Empirical research shows that the relationship between prosperity and happiness is very stable within a country: In a society, wealthy people are more satisfied with life than poor people. The reason for this lies in the social status of a person. From an evolutionary psychological point of view, it is important for people to develop a high social status, as it makes them more attractive to the opposite sex and allows them to live longer and healthier lives. Prosperity and income are essential indicators of the social status that people have in a society: the higher the income, the higher the social status and the better off the person concerned is. Emotions that people get from positional goods such as social status cannot be increased - only 10,000 people make up the top ten thousand of a society - and they do not seem to be subject to adaptation either. A possible explanation for this could be found in processes of social comparison that people constantly carry out - consciously or unconsciously - for the purpose of self-assessment and which give them information about their status relative to their fellow human beings. People with a high social status constantly experience positive emotions from the knowledge that they are better off than their fellow human beings. For example, schoolchildren who are friends with poor students see themselves more positively than children who are friends with good students. Sometimes we even manipulate our own perception in order to do better in the comparison.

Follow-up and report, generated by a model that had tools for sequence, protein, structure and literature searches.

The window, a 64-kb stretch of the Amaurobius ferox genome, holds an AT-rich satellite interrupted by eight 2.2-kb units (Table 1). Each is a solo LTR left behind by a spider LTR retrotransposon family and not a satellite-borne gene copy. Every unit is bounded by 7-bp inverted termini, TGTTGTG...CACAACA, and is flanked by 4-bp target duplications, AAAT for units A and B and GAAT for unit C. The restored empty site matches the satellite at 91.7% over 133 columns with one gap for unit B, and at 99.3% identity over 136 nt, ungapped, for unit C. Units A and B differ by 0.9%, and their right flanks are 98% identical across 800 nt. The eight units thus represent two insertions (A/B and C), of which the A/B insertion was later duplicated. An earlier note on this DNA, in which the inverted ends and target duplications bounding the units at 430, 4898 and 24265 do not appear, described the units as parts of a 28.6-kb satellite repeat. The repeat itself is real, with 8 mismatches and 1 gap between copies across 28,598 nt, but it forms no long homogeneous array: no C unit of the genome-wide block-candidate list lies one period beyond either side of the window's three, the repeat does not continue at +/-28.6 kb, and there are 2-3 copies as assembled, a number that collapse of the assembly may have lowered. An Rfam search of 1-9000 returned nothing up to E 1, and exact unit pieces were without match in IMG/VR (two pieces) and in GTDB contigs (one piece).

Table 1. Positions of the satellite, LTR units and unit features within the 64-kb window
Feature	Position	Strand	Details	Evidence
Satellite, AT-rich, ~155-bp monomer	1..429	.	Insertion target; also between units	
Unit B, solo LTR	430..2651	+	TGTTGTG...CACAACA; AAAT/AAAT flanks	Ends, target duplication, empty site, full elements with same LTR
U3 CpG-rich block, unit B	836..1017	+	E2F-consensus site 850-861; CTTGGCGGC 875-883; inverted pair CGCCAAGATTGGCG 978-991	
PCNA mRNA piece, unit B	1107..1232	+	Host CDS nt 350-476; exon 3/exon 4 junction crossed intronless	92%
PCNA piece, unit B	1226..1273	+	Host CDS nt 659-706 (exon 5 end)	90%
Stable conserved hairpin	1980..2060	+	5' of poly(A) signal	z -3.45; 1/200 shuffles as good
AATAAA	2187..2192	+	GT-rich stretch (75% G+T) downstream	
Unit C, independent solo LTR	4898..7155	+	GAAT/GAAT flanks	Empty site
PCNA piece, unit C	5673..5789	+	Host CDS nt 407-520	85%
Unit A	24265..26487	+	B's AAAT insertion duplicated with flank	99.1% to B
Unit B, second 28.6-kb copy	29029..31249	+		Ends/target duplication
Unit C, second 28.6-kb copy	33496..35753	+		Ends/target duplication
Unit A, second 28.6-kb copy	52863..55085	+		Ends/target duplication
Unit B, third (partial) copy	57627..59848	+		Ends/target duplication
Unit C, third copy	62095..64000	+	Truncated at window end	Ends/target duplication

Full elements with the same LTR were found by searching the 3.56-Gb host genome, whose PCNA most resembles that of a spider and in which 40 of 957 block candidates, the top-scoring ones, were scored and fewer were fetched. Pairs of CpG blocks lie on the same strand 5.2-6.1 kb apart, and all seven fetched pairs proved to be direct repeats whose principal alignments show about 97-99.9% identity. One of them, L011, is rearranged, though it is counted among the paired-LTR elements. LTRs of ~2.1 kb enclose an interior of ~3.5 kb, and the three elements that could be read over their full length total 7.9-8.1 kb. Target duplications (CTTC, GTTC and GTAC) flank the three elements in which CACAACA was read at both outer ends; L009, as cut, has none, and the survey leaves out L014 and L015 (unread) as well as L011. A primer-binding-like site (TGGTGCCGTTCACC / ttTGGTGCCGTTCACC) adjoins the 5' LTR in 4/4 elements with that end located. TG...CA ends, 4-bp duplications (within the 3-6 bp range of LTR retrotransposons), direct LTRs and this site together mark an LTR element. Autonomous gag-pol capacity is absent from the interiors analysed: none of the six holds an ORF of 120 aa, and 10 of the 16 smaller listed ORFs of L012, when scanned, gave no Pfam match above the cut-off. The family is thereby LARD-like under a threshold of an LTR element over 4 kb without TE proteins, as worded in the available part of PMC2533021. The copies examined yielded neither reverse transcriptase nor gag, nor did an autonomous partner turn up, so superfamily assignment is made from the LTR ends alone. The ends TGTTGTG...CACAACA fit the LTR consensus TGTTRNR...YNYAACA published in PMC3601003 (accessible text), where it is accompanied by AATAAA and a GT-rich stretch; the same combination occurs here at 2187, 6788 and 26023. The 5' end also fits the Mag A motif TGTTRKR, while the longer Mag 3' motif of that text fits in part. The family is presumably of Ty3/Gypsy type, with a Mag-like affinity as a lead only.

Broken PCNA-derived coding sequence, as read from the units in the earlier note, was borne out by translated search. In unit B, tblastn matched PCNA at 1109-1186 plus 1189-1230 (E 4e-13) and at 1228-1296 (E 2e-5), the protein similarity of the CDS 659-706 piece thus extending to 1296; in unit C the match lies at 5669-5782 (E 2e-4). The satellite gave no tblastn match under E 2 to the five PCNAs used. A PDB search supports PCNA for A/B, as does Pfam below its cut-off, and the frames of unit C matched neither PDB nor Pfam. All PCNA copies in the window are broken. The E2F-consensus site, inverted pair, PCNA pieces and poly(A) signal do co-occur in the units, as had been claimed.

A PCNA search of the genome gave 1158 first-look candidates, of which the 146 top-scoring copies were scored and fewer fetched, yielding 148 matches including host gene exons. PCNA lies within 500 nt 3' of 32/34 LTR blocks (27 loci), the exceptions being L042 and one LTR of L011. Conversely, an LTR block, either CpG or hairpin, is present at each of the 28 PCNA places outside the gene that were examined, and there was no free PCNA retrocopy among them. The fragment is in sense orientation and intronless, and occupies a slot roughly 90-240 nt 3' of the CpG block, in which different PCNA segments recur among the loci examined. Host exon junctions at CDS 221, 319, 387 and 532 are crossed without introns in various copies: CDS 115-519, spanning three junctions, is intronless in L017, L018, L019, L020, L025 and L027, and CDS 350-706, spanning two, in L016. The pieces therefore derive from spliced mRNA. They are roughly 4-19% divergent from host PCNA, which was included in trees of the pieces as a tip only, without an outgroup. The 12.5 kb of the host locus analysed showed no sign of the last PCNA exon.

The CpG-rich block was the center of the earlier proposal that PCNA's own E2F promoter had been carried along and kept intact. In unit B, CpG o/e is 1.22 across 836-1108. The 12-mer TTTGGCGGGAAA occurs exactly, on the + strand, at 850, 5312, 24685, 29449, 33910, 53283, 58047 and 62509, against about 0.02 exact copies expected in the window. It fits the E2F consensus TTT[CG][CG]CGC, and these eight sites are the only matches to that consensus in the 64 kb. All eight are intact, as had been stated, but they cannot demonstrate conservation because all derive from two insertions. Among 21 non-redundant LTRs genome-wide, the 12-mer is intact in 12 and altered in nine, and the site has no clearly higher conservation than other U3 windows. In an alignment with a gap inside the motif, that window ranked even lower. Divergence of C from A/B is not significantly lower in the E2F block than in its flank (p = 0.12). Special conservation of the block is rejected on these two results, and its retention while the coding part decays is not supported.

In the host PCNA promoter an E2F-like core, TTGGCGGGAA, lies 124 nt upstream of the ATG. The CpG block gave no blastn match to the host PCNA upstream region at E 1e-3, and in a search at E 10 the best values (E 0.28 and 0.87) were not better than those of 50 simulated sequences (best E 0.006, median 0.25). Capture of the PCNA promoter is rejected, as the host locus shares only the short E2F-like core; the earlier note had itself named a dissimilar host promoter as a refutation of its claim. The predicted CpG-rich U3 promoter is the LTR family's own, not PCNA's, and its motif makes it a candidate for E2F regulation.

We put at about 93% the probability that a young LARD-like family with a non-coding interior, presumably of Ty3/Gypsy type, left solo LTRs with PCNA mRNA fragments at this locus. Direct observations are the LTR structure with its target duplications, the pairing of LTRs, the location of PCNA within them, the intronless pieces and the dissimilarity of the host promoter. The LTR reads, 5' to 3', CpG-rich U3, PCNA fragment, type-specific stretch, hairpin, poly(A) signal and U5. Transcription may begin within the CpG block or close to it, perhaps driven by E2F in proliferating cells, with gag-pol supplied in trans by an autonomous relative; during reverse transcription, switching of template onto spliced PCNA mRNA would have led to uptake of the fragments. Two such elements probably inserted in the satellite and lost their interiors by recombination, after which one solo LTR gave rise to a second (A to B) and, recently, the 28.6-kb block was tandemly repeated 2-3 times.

So do the conditions within a society always remain the same, no matter how much a country's gross domestic product increases?